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Vt. Supreme Court to address Vekos’s law license

ADDISON COUNTY — The disciplinary counsel for a panel overseeing lawyers in Vermont is seeking a suspension of Addison County State’s Attorney Eva Vekos’s  ability to practice law after she refused to provide information about her recent medical leave following her arrest for driving under the influence.

The Vermont Supreme Court is set to take up the matter at a hearing on March 20. 

The petition for Vekos’s “interim suspension” was filed Feb. 29 by Jon Alexander, disciplinary counsel for the Vermont Professional Responsibility Board, a branch of the Vermont Judiciary.

Vekos’s “knowing failure to comply” with “reasonable and lawful demands for information and documents is a clear violation of her duty of cooperation,” Alexander wrote in the 14-page filing. Her decision not to provide information about her leave, which lasted just over three weeks, “poses, in itself, a present and substantial threat of serious harm to the public that warrants her immediate interim suspension,” he wrote.

David Sleigh, an attorney representing Vekos, submitted a response disputing that Alexander is entitled to the information he is seeking. 

Sleigh wrote in the response filed Tuesday that Alexander hasn’t made a reasonable showing that Vekos’s conduct “demonstrates a substantial threat of serious harm to the public or that she suffers from a disability which impacts her ability to practice law.”

Sleigh argued that the request that his client be suspended from the practice of law “based on her decision to take a brief medical leave is counter to the goals of this profession’s efforts to destigmatize recognizing and acting upon one’s medical and/or mental health needs.”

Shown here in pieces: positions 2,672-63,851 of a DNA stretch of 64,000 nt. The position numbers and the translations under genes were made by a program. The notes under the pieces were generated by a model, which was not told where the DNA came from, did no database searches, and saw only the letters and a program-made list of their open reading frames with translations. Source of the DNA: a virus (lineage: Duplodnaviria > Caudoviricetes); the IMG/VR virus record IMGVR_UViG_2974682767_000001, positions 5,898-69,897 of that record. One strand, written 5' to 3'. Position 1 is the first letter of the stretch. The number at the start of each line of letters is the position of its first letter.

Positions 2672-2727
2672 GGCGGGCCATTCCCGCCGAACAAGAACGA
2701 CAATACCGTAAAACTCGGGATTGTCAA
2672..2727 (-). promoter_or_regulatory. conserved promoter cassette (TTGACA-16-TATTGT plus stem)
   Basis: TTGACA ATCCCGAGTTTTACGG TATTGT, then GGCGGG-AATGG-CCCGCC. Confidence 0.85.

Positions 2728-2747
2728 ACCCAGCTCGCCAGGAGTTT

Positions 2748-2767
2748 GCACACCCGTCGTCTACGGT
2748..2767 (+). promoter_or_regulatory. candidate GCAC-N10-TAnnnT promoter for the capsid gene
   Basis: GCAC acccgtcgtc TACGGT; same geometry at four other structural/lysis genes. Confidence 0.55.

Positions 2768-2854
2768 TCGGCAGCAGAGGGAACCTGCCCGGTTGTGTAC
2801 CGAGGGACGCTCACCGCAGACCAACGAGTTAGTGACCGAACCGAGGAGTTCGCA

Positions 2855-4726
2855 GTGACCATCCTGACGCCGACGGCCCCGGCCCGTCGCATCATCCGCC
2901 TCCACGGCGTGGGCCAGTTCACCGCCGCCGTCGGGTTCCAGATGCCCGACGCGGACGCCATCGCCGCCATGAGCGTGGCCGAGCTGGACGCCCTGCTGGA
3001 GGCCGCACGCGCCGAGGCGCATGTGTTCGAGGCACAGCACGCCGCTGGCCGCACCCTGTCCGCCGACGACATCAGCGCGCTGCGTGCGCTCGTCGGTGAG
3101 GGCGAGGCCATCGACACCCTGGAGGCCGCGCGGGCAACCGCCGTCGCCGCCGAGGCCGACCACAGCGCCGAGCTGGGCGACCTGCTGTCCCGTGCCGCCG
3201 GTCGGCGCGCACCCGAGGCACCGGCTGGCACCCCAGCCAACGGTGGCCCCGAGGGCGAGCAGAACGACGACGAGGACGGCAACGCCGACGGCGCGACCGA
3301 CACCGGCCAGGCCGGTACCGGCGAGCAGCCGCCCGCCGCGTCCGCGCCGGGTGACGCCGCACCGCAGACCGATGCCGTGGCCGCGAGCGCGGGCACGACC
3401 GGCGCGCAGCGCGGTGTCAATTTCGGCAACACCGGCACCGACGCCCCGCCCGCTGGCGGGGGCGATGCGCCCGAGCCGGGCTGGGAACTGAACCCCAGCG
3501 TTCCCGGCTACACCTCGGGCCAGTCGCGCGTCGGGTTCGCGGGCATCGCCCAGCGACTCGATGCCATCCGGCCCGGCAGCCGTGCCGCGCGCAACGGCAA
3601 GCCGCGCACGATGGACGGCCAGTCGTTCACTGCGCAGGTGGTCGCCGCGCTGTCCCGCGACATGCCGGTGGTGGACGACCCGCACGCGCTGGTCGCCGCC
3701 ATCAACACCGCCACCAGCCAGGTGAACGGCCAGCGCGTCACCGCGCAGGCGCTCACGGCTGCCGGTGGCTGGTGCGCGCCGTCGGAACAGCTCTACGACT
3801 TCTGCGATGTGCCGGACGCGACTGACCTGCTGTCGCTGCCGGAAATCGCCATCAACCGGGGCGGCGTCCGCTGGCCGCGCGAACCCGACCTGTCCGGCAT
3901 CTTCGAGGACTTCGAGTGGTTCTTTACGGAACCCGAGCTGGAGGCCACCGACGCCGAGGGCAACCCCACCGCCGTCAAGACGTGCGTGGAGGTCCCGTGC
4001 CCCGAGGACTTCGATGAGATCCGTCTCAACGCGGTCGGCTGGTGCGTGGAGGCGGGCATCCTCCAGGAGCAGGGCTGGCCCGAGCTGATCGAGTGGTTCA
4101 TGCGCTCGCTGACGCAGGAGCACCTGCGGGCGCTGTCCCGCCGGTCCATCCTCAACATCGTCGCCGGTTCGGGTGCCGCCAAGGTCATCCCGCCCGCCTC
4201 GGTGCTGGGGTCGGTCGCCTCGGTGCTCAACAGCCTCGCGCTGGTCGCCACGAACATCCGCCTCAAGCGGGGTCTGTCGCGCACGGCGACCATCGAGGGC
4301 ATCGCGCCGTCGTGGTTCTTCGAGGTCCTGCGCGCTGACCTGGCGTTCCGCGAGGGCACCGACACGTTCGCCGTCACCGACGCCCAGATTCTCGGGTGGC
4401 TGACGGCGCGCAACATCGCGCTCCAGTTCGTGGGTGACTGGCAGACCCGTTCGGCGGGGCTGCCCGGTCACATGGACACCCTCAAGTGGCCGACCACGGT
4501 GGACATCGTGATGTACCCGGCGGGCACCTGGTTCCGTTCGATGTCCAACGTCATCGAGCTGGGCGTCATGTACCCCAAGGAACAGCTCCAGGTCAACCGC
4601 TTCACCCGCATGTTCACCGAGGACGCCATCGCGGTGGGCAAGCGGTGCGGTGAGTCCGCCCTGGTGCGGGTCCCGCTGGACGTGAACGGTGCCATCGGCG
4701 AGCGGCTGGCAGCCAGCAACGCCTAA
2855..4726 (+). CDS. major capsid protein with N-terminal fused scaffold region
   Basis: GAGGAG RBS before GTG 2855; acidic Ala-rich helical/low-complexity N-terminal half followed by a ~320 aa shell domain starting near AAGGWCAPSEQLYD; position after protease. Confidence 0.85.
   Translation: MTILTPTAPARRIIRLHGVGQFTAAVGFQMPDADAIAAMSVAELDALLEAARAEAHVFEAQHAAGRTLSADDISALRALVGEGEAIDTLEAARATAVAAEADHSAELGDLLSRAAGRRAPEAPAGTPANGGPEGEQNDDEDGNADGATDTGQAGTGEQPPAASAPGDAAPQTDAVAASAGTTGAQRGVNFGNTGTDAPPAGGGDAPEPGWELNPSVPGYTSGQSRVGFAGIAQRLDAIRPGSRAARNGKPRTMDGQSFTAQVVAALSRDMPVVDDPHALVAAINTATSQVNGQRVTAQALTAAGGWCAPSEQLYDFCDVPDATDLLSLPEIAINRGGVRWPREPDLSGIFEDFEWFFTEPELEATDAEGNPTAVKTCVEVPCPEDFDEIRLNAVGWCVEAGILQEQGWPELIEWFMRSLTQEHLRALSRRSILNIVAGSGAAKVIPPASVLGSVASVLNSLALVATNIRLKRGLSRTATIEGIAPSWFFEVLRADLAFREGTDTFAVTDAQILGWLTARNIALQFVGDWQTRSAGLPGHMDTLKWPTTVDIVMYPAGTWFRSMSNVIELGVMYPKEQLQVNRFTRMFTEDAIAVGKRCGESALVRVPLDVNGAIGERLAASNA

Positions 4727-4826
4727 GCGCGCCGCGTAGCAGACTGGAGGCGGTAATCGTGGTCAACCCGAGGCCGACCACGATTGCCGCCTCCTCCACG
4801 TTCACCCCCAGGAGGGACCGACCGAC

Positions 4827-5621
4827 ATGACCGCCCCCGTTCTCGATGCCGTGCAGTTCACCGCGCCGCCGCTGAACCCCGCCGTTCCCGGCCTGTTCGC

Vekos had gone on paid medical leave on Feb. 9, just over two weeks after she was arrested on the drunken driving charge for allegedly showing up impaired to the scene of a suspicious death investigation in Bridport on the evening of Jan. 25.

In the days after her arrest, Vekos engaged in an email exchange with law enforcement leaders in Addison County in which she wrote that she no longer felt safe around law enforcement and would not meet with them in person, only on video. 

In that same email exchange, Vekos also mockingly disparaged police’s grammatical skills.

Vekos pleaded not guilty to the driving under the influence charge on Feb. 12 and was released on her own recognizance.

On Feb. 14, Sleigh distributed an email to Vermont media announcing that Vekos had started paid medical leave on Feb. 9 and would resume her position “once fully grounded and up to the task.”

Alexander, the disciplinary counsel, wrote in his filing for Vekos’s suspension that he “repeatedly” requested from Sleigh “a disclosure of the ‘medical’ reasons for this ‘medical leave,’ its expected duration” and any relevant health records.

He has not been provided that information, Alexander wrote.

Without that information or records on the “nature of her claimed medical disability, its treatment, or prognosis,” he wrote, he cannot assess whether Vekos’s return to work would be in the “public interest.” 

Vekos announced in an email March 3 to Vermont media, just days after Alexander’s filing for her interim suspension, that she would return to work the following day.

She described her leave as her having “stepped back from my work to reflect upon this major event, its impact on me personally and professionally, and its impact upon the community.”

In that same email, Vekos wrote that she had “deep regret” for the email that she had sent weeks earlier to law enforcement leaders in Addison County, terming it “insulting, hurtful and unkind.”

Sleigh, Vekos’s attorney, wrote in his Tuesday filing that he had “assured” Alexander that after Vekos went on medical leave that she planned to return to work soon, writing that “there was no reason for Disciplinary Counsel to examine (Vekos’s) health records or speak to her treaters, and (Vekos) has no mental or physical issues that would impede her ability to practice law.”

Sleigh added in an interview Tuesday that there has been no formal complaint lodged against his client regarding her practice of law. 

The next court hearing in the drunken driving case is set for May 8. 

The case will be heard in Chittenden County Superior criminal court in Burlington to avoid any potential conflicts of interest and is being prosecuted by the state Attorney General’s Office. 

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